Photoprotection, not increased growth, characterizes the response of Engelmann spruce (Picea engelmannii) seedlings to high light, even when resources are plentiful

Authors


Author for correspondence: A. K. Mitchell Tel: +1250 3630786 Fax: +1250 3636005 Email: amitchel@pfc.forestry.ca

Summary

  • • To investigate the effects of resource limitation on the use of light by Engelmann spruce seedlings (Picea engelmannii), we examined the effects of nitrogen (N) supply on growth and physiological acclimation.
  • • Seedlings were grown under a factorial combination of two levels of light (100%, 33% full light) and two levels of N-supply (100 mg l−1 and 10 mg l−1). Biomass, foliage physiology, and pigment composition were measured.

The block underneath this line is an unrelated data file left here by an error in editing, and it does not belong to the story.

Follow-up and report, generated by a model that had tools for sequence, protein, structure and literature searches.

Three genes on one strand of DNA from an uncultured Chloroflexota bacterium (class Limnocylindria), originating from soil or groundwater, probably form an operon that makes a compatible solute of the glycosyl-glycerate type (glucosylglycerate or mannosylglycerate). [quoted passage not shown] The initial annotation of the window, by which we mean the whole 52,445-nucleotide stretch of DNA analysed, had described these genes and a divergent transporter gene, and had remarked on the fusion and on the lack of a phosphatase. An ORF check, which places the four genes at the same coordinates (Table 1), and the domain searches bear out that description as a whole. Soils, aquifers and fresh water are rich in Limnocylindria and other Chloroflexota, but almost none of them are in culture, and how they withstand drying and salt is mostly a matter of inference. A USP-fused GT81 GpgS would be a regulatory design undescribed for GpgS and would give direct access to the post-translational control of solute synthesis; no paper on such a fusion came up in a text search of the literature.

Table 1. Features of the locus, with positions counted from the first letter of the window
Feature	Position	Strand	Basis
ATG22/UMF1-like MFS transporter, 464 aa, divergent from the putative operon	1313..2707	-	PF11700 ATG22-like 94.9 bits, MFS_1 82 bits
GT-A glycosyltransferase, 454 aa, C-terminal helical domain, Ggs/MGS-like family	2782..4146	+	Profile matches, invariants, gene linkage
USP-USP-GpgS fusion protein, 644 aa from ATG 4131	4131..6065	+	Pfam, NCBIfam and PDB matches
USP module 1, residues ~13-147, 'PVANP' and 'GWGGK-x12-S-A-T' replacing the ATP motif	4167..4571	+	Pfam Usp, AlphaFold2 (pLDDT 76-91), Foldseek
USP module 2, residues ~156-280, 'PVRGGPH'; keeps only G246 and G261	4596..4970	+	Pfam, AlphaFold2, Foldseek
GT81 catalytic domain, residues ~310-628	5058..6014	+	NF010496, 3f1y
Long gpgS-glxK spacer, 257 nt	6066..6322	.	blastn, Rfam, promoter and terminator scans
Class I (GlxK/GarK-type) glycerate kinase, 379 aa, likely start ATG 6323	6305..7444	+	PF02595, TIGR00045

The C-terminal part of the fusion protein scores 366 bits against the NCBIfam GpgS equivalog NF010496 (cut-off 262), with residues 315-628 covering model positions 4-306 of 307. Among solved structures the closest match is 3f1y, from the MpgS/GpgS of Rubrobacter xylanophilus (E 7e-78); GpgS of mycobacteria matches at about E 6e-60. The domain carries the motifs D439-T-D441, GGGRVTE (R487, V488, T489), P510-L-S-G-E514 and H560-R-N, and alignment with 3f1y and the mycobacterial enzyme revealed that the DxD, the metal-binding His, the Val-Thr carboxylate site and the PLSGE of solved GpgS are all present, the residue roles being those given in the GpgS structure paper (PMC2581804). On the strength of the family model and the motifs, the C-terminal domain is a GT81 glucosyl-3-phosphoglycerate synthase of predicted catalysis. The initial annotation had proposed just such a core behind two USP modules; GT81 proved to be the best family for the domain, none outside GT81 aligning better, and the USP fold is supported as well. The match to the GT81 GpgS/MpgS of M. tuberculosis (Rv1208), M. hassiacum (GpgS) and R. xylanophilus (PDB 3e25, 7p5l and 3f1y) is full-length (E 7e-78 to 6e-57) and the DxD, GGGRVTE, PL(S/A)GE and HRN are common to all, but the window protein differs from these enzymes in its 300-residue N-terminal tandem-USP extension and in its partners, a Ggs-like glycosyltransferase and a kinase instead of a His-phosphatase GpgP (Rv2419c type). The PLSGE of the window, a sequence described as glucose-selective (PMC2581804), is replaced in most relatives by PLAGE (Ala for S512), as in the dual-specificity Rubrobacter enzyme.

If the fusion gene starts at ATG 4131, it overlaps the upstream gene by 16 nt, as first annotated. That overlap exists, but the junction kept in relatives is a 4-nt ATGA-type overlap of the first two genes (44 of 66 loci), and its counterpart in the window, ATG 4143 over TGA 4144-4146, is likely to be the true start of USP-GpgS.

• • No significant differences were found in growth or photosynthetic capacity between seedlings grown under high and low light, regardless of whether seedlings were grown under conditions of high or low N-supply. Both a decrease in the capacity for light capture and an increase in the capacity for thermal dissipation of excess absorbed light occurred with growth at high relative to low light as well as at low relative to high N-supply.
  • • Damage to foliage from excess light appeared to be avoided through a combination of downward adjustments in chlorophyll and upward adjustments in photoprotective xanthophyll cycle carotenoids.

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